I guess most of us have experienced “sensory overload” at one time or another. It’s anxiety caused by over-stimulation of the senses any one or all of them. We just don’t often give it a name.
There can be many causes of sensory overload, including:
A crowded room
Multiple conversations going on at once
Flashing lights, or a loud party
A challenging, unfamiliar situation
Sounds familiar? If not, you’re very lucky. For people living with dementia it can be a big problem.
My daughter Verity got married a couple of weeks ago. I, of course, had a part to play, and I was determined to do it right.
On the day, I remained focussed on the “father of the bride” job and managed to play the role faultlessly. After the service, we retired with the happy couple and around thirty close family members for a socially distanced afternoon tea in the spacious garden of Verity’s new Mother-In-Law.
That’s when it all went “pear shaped”…
After an hour spent casually chatting to the other guests, we were called into a bright, breezy tented area where we were seated in our “bubbles” to enjoy the refreshments laid out on the beautifully decorated tables.
Suddenly, I felt closed in, and the hubbub of voices made it impossible for me to concentrate on what anyone was saying. - I just couldn’t make sense of it all.
I became withdrawn and anxious. I couldn’t trust myself to speak as I was so full of emotion. I tried to calm myself down. I didn’t want to let down my daughter or frighten my family and the other guests, but then, the dam of emotion burst, and I started crying. Verity had noticed, and she nodded her head to let me know that she understood. Then I fled to a quiet place where I could get my emotions under control.
My family understand that I sometimes experience sensory overload, but you see, it was worse that day because I was worried that I was disrupting the happiness of her special day by my presence.
I found a quiet room, and sat there for some time, trying to gather up the courage to re-enter the fray. People looked in on me to ask if I was OK. That just made things worse - they were trying to help bless them, but I couldn’t be helped. I knew that I was a distraction, and that I should bow out gracefully and go home. Sadly that put an end to my wife’s participation too.
I know that people understand that these things happen, but I am still disappointed and a little ashamed that I am no longer able to tolerate rich, vibrant, multi-sensory situations in the way that I used to.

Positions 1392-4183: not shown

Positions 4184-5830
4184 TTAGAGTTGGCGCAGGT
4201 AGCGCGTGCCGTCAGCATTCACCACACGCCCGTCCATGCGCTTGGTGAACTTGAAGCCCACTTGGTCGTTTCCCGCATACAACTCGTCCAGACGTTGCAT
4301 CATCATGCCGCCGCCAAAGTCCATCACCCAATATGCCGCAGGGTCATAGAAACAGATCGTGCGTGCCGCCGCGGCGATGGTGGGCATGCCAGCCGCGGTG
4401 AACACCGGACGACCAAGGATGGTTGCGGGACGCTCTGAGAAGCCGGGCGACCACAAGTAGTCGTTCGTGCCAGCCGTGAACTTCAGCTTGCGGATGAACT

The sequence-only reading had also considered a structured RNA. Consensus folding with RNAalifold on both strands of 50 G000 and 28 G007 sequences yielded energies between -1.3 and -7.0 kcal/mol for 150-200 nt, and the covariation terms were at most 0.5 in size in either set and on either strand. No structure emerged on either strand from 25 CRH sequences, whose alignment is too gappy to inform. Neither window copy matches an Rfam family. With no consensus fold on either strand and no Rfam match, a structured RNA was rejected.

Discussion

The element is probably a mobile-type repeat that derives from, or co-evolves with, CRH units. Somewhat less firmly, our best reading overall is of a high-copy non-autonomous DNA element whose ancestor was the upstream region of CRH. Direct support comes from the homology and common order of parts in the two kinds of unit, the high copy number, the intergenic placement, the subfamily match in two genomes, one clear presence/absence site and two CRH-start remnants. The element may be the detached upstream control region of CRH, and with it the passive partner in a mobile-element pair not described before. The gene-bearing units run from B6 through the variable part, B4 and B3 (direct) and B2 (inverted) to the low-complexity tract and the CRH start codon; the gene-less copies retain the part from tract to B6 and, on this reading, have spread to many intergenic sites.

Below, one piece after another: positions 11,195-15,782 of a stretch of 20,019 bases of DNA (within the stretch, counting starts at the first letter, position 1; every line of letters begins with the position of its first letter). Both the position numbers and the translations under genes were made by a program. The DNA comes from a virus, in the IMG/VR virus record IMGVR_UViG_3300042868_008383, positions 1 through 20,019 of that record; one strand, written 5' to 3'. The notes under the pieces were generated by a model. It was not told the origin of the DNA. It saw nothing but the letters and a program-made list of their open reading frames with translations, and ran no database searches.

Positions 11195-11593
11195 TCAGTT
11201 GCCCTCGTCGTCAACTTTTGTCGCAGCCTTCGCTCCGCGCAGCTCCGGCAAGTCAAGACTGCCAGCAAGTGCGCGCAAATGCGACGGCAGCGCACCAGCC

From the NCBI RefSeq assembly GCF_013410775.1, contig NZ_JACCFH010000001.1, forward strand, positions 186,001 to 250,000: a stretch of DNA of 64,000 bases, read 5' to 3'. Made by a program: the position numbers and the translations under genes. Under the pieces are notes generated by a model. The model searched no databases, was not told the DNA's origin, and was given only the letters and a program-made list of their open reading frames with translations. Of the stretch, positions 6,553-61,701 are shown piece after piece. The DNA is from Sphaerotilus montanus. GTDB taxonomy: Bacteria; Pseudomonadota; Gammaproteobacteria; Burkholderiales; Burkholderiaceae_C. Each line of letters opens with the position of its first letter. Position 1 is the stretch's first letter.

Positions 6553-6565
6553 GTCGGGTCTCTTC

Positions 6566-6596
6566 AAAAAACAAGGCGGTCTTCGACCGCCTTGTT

So what have a learned?
I have learned that I am changing from an extrovert into an introvert – but it’s not that simple. if I am focused, and have a job to do, I can still function perfectly. It’s when the pressure is NOT on, that I become overwhelmed by a busy environment.
Knowledge (as ever) is power. So, I am now developing a coping strategy that will involve:
Avoiding challenging environments where possible unless I have a role to play (public speaking, meetings etc are not a problem for me – in fact, I relish them. They are meat and drink to me.).
Letting my friends and family know that I will remain in a quiet place while they party, and I will be quite happy there – they needn’t worry.
Having an “exit strategy” for if things go wrong.
The more I speak with people who have dementia, the more stories I hear that match mine. In my humble opinion, sensory overload is very common indeed amongst people with dementia, yet it is not often addressed head on.
Do a quick internet search on “sensory overload” and you will find thousands of interesting and scholarly articles that link sensory overload to ADHD, PTSD, fibromyalgia, autism, multiple sclerosis etc. What you will NOT find however are many articles that include dementia up front as a likely cause.
I’d like to write more on this topic – it deserves it, but a Blog post is probably not the best place for an article that’s too long, so I’ll leave things hanging. But I’d love to hear your thoughts and experiences.
Please leave a comment or two with your thoughts on this important topic. I like to hear any anecdotes you may have too.
It can get lonely out here in “Dementialand”.